|2. Self Bias Resistor|
|3. Zero Signal|
|5. New Breed|
|6. Dog Day Sunrise|
|7. Body Hammer|
|9. H-K (Hunter-Killer)|
|11. A Therapy For Pain|
But there's more. A lot more. Burton could sing, and he did so quite often here. He had a very cool, haunting singing voice that provided a nice contrast with the aggression that characterizes much of the album. On the title track, he sings the first few lines, making it that much more effective when he turns on the growl. "Dog Day Sunrise," a cover of a song by a band called Head of David, features entirely clean vocals, and it's downright mesmerizing. What's more, the band also added an industrial element that helped to differentiate them from other metal bands, especially at the time. Although the industrial samples are used conservatively, they add an extra dimension to the already heavy songs.
If one song here deserves special mention, it's the closer "A Therapy for Pain." It's a slow, melodic, nine-plus-minute epic with an indescribably eerie sound. Burton's foreboding, almost angelic vocals combine with heavy doses of industrial samples to make a song that's truly chilling. For some reason, it strongly reminds of the Lone Biker of the Apocalypse's theme music from the movie "Raising Arizona." But anyway, it's a great song, and a brilliant way to end an album. In conclusion: this album is a masterpiece. If you don't have it, you should. End of story.
Fear Factory style is different from what other icons of the genre like Ministry or Nine Inch Nails have to offer. After all, in the beginning Fear Factory played Napalm Death-style death-metal, and it shows. The music is built with incredibly catchy and rhythmically effective guitar riffs backed by similar sounding bass-lines. Think of the riff in Ministry's "Thieves" and you get the idea. Drumming is absolutely superb. The speed and precision of those double-bass kicks is incredible, I even thought it was a drum-machine. But it was not. To add even more industrial feel to the sound, various factory noises are played in the background. Burton C. Bell varies his vocal tone from angry death-style rasps to clean anthemic singing. The latter, being sound-processed with a little reverb, makes the record sound kinda epic at times. The album is a relentless sonic attack, that, being played at considerable volume settings, has all the power to knock you off your feet and shatter glass windows.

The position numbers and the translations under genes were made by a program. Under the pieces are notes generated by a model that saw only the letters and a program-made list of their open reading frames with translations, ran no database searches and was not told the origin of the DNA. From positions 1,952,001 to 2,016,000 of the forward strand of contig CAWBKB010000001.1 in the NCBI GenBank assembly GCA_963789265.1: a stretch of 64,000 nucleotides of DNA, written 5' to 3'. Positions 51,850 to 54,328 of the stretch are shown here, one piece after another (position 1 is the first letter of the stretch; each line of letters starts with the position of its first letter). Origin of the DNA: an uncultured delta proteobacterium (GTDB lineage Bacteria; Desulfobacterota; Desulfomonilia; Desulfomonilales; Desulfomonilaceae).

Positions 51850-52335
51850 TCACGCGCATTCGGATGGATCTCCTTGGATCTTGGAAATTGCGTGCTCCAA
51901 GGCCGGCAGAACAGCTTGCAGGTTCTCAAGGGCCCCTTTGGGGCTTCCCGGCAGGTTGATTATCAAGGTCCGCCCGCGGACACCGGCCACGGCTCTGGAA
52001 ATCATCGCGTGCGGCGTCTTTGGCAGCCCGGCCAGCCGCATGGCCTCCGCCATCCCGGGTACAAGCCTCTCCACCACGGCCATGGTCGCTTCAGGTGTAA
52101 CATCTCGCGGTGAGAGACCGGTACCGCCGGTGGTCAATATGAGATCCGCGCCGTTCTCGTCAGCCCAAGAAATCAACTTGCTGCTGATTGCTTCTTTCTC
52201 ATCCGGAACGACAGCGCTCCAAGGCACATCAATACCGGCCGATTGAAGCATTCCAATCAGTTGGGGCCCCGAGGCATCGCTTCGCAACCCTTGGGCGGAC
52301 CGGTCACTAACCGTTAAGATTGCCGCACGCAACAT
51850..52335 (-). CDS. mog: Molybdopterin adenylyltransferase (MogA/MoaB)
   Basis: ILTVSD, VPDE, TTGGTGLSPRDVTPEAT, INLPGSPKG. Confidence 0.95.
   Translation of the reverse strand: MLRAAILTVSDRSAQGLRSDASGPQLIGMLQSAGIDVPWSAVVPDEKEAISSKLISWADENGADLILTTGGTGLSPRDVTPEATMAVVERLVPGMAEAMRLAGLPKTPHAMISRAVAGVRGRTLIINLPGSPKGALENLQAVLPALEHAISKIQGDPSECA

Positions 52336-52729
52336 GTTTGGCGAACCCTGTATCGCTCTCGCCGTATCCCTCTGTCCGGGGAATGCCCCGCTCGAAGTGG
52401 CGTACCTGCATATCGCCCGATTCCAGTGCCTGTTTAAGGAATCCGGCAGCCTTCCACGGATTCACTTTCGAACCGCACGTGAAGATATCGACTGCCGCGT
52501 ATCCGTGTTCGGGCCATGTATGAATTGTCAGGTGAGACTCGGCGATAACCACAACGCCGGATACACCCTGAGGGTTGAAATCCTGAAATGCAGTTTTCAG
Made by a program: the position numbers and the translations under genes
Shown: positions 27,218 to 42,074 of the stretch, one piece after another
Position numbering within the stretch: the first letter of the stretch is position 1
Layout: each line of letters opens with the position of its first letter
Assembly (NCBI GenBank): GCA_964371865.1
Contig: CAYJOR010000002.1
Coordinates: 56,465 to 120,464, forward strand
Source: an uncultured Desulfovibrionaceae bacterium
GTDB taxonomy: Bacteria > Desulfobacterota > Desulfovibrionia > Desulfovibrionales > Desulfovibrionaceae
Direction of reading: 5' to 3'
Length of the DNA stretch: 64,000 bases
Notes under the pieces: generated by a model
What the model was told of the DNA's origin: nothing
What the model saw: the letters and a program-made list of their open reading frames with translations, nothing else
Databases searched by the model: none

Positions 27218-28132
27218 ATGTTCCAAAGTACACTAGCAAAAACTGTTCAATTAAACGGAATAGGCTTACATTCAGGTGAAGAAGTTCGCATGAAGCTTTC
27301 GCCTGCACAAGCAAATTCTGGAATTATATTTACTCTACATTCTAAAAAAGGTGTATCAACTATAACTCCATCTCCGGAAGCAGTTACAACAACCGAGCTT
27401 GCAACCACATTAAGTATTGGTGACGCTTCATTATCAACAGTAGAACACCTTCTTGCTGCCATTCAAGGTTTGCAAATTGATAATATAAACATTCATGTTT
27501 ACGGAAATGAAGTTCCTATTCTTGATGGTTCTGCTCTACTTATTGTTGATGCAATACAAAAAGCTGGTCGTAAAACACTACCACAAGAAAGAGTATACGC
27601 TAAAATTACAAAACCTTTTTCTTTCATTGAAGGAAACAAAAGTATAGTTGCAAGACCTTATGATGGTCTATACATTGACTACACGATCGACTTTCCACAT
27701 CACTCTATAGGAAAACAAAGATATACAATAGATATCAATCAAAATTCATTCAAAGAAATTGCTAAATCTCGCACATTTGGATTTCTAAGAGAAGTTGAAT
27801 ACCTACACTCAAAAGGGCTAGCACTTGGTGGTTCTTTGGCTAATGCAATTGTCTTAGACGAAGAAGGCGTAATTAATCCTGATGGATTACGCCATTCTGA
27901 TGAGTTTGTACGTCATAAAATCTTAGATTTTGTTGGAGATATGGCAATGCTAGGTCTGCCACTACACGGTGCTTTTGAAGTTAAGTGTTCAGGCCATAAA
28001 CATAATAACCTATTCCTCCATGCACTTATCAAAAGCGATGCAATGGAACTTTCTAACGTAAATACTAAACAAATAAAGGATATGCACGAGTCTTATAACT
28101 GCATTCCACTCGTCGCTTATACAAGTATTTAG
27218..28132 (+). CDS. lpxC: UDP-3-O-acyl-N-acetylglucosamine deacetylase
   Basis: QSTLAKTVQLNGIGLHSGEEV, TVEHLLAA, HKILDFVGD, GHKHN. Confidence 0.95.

Conceptual lyrics add more depth to the album. They tell a story of a man who grew tired of government lies and started up a rebellion. In the end he turns into a killing machine, then surrenders to regret, but when death comes, it refuses to take him away, so he has yet another day to live. Not the finest story, but it mixes with aggressive industrial music perfectly.
This album is one of the landmarks of rock, and surely Fear Factory's finest hour. If you are even mildly interested in metal or industrial music, you must give a listen to "Demanufacture".
PS I found myself among those few people who actually liked the remix albums "Remanufacture" and "Remanufacture v2.001". I think it shows the diversity of this band excellently, because I can't think of anybody else who feel themselves perfectly at home as with death-metal and grindcore, as with industrial, breakbeat or digital hardcore. While the lyrical integrity is lost in remixing, yet the music is good. Underground dancefloor DJs might also take notice.
Rarely do I hear an album that reached right out and hit me like this one did when I first bought/heard it. Read more